Boris Johnson says legal bid to stop him suspending parliament 'makes a deal less likely'

An attempt by rebel MPs to get an interim interdict to stop Boris Johnson suspending parliament has failed (Picture: REUTERS/Simon Dawson)

Boris Johnson has said legal challenges to his decision to prorogue Parliament are making the prospect of obtaining a deal “less likely”.

The Prime Minister hit out at his critics on Friday morning following the news that a bid by a cross-party group of more than 70 politcians to overturn the suspension had been refused by a Scottish court.

“I’m afraid that the more our friends and partners think, at the back of their mind, that Brexit could be stopped, that the UK could be kept in by Parliament, the less likely they are to give us the deal that we need,” Mr Johnson said.

Following the Queen’s approval of the PM’s request for Parliament to be suspended for five weeks from September 10, the group had sought an ‘interim interdict’ to block the suspension until a final decision had been made on the case.

But their attempt failed on Friday, when the request was denied at the Court of Session in Edinburgh.

MPs are trying to stop Boris Johnson from suspending parliament (Picture: REUTERS/Dylan Martinez)

Judge Lord Doherty dismissed the action ahead of a full hearing originally set for September 6, saying: “I'm not satisfied that it has been demonstrated that there's a need for an interim suspension or an interim interdict to be granted at this stage.”

The judge brought forward a hearing due to take place on Friday, September 6 to Tuesday, September 3 “in the interest of justice”.

After the announcement, Deputy Labour leader Tom Watson said he would also be joining Gina Miller’s legal action against the suspension of Parliament, calling the move “an unprecedented affront to democracy”.

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Tory grandee joins the fight against suspension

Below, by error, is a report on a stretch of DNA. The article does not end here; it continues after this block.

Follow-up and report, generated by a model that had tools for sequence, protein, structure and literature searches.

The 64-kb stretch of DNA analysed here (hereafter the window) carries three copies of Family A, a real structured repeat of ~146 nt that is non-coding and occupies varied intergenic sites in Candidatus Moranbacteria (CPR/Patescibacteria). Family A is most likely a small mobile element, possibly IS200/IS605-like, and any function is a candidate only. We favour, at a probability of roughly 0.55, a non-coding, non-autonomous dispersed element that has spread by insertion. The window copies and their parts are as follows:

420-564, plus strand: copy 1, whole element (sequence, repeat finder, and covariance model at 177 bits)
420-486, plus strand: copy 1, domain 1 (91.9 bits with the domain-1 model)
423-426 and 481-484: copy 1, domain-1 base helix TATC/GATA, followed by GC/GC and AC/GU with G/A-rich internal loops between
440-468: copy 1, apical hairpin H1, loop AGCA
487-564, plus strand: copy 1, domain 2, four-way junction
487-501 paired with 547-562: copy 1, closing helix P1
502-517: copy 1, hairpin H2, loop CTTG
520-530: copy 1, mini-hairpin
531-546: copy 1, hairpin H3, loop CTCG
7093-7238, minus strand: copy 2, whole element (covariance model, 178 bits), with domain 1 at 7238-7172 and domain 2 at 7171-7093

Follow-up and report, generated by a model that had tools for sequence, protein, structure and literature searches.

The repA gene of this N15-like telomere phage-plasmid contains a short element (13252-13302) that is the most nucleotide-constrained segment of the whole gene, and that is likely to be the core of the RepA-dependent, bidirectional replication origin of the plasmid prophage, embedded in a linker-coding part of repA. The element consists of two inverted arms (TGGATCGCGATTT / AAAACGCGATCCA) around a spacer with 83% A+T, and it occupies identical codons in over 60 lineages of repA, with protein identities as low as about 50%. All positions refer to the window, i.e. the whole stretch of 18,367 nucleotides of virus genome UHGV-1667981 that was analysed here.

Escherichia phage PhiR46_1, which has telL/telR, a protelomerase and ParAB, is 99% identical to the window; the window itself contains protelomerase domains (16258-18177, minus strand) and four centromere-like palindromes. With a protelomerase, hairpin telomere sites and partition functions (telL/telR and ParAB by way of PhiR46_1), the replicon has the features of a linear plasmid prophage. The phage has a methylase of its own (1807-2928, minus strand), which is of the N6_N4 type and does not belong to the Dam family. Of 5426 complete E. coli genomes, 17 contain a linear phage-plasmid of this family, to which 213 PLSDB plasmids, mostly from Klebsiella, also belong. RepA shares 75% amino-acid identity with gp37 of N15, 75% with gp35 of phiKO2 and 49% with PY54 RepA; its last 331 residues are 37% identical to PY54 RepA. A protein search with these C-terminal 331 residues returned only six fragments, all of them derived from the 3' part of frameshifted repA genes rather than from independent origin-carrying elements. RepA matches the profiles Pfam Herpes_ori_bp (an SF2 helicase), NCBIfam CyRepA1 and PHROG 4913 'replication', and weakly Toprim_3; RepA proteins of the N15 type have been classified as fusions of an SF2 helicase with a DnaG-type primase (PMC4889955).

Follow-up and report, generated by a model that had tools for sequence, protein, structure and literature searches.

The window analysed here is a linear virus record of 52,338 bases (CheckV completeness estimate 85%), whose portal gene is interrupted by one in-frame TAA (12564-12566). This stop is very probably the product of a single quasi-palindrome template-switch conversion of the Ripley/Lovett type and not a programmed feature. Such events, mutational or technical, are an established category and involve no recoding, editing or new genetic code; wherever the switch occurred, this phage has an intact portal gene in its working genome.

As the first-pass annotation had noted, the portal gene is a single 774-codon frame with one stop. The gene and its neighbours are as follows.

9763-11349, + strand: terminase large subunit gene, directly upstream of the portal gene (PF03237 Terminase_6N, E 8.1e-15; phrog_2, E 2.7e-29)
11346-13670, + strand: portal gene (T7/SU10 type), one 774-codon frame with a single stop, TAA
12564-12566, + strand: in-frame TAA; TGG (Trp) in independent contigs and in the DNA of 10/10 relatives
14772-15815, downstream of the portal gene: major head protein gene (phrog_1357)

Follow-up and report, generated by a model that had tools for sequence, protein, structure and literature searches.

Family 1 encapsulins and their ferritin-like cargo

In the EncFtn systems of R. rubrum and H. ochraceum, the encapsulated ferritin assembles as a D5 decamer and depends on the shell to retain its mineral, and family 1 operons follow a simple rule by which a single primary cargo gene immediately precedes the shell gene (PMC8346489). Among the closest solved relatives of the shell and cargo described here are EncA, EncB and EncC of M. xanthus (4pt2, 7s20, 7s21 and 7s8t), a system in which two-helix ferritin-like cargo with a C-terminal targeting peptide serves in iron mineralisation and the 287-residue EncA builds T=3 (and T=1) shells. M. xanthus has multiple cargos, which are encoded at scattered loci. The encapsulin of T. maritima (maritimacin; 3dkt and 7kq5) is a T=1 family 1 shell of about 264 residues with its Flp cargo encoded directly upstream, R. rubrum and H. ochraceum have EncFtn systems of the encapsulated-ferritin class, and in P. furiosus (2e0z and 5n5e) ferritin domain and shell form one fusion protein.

It comes as former prime minister Sir John Major spelled out his intention to fight Boris Johnson in the courts over his plan to suspend Parliament.

The ex-Tory leader promised to seek a judicial review if the Prime Minister prorogued Parliament to prevent MPs opposing his Brexit plans.

He will now seek to join a legal challenge being brought by campaigner Gina Miller.

Sir John suggested his experience in Number 10 could assist the High Court in deciding whether Mr Johnson’s actions are lawful.

Businesswoman Ms Miller – who previously took the Government to court over the triggering of Article 50 to start the Brexit process – said the case would be heard on September 5.

Former Prime Minister Sir John Major has said he will join the legal battle to stop Boris Johnson suspending parliament (Picture: Karwai Tang/Getty Images)

House of Commons showdown

The legal challenge is not the only attempt to stop the PM from suspending parliament.

According to The Times, Conservative rebels have drawn up plans with Labour for parliament to sit over next weekend in order to block no deal.

Tory rebel ringleader Sir Oliver Letwin said he had been in talks with Speaker John Bercow about the parliamentary procedures that will apply.

He said he believes "there probably is time" to get a measure to block a no-deal Brexit through Parliament despite the temporary shutdown set to start in the second week of September.

Meanwhile, Mr Johnson's supporters have dismissed criticism that his move is undemocratic.

Foreign Secretary and First Secretary of State Dominic Raab said: "The idea this is some kind of constitutional outrage is nonsense.

"It's actually lawful, it's perfectly proper, there is precedent for it and, actually, fundamentally, for the people watching this, they want to see that we are leaving the EU but also talking about all the other things they expect us to be addressing."

Transport Secretary Grant Shapps said: "If you are in a negotiation, if you don't have a bottom line which is, in the end, that you will walk away from that negotiation and make it work to your best advantage anyway, then you are unlikely to get a great deal.

"I think for Sir Oliver and others to try to stymie that is entirely counter-productive. It's much, much better to let us prepare for a no-deal, for the European Union to know that we are serious and that is bringing everyone to the table."

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